You may have heard of ketones in regard to low-carb diets which force the body to burn fat as an immediate source of energy. Some ketones (acetoacetate and ß-hydroxybutyrate) are used for energy; the heart muscle and kidneys, for example, prefer ketones to glucose. Most cells, including the brain cells, are able to use ketones for at least part of their energy. Acetone, however, is a ketone which is not used and so is excreted, giving a characteristic sweet smell on the person's breath or sweat.
An accumulation of ketones reduces the pH levels of the blood (acidosis) leading to Diabetic Ketoacidosis.
Ketoacidosis is a medical emergency; the signs and symptoms include a reduced level of consciousness, weakness, nausea, vomiting, abdominal pain, a weak and rapid pulse, and a distinctive deep and rapid breathing.
As the acidity increases, individual cells will cease to function.
If the casualty is not given correct fluids and insulin to reverse fat metabolism, ketoacidosis will lead to unconsciousness and death.
Ketoacidosis is more common in Type 1 diabetes because of the body's inability to produce any insulin.
In some situations, the diabetic casualty will have too low blood sugar. This may be because:
- They have taken too much of their Type 1 or Type 2 medication, metabolising too much glucose.
- They have not eaten enough food.
- They have been unusually active and have not planned for their energy demands.
- They are cold or tired, increasing their energy demands.
A hypoglycaemic episode can occur much quicker than a hyperglycaemic event which typically can take days to develop. Signs and symptoms include pale, clammy skin, breathing may be fast and weak, fast pulse, weakness or malaise and a reduced level of consciousness. Typically the casualty will appear drunk, a stroppy drunk.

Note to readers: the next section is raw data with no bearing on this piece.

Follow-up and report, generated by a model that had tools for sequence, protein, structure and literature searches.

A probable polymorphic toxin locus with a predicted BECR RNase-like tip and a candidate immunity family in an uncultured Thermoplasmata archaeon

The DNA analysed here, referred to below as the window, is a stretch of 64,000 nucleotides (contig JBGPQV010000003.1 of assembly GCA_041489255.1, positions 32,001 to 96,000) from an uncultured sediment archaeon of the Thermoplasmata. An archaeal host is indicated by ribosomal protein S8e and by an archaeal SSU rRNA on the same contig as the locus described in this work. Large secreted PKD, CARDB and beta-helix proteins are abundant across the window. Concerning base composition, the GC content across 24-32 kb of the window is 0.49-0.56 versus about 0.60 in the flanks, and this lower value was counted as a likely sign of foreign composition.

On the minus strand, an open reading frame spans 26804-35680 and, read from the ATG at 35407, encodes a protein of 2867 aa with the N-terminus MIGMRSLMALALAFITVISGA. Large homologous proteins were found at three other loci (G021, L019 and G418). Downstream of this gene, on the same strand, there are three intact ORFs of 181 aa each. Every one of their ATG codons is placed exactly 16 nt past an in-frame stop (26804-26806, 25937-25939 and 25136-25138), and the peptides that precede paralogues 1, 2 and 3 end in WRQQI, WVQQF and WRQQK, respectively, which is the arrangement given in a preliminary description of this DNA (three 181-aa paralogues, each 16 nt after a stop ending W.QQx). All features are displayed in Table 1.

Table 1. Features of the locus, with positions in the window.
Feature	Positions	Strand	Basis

As the brain is starved of vital glucose, unconsciousness follows, then death.
The treatment is to give sugars - the simpler the better. As quickly as the casualty deteriorated, the casualty will recover with simple sugars.
Is it Hyper or Hypoglycaemia?
One of the challenges in managing a casualty with diabetes is working out what is wrong with them; is their blood sugar level too high or too low?
Begin simply by asking the casualty what happened (or witnesses if the casualty is not conversant).Have they eaten recently, if so what? Have they been particularly active or missed a meal? A simple process of deduction will almost certainly reveal a correct diagnoses.
- Blood Glucose monitoring
Casualties with known diabetes will measure their blood glucose levels several times a day using a blood glucose meter. The blood glucose meter uses a sample of blood and measures the levels of glucose in millimoles per litre (mmol/l). In the US it is measured in milligrams per decalitre (mg/dl). In a normal state, everyone's blood glucose levels should be between 4 and 7 mmol/l or 80-120 mg/dl.A conscious and compliant casualty may be able to test themselves if you are able to bring them their measuring kit.
In reality, hypoglycaemia is far more common that hyperglycaemia. Everyone burns energy constantly so everyone is potentially susceptible to hypoglycaemia.Hypoglycaemia can occur very quickly. Hyperglycaemia can take days to develop and as diabetics typically monitor their glucose levels several times a day, they are likely to catch glucose levels rising and medicate appropriately. As such it is usually casualties who have not yet been diagnosed with diabetes who develop hyperglycaemia as they do not have the testing equipment or medication needed.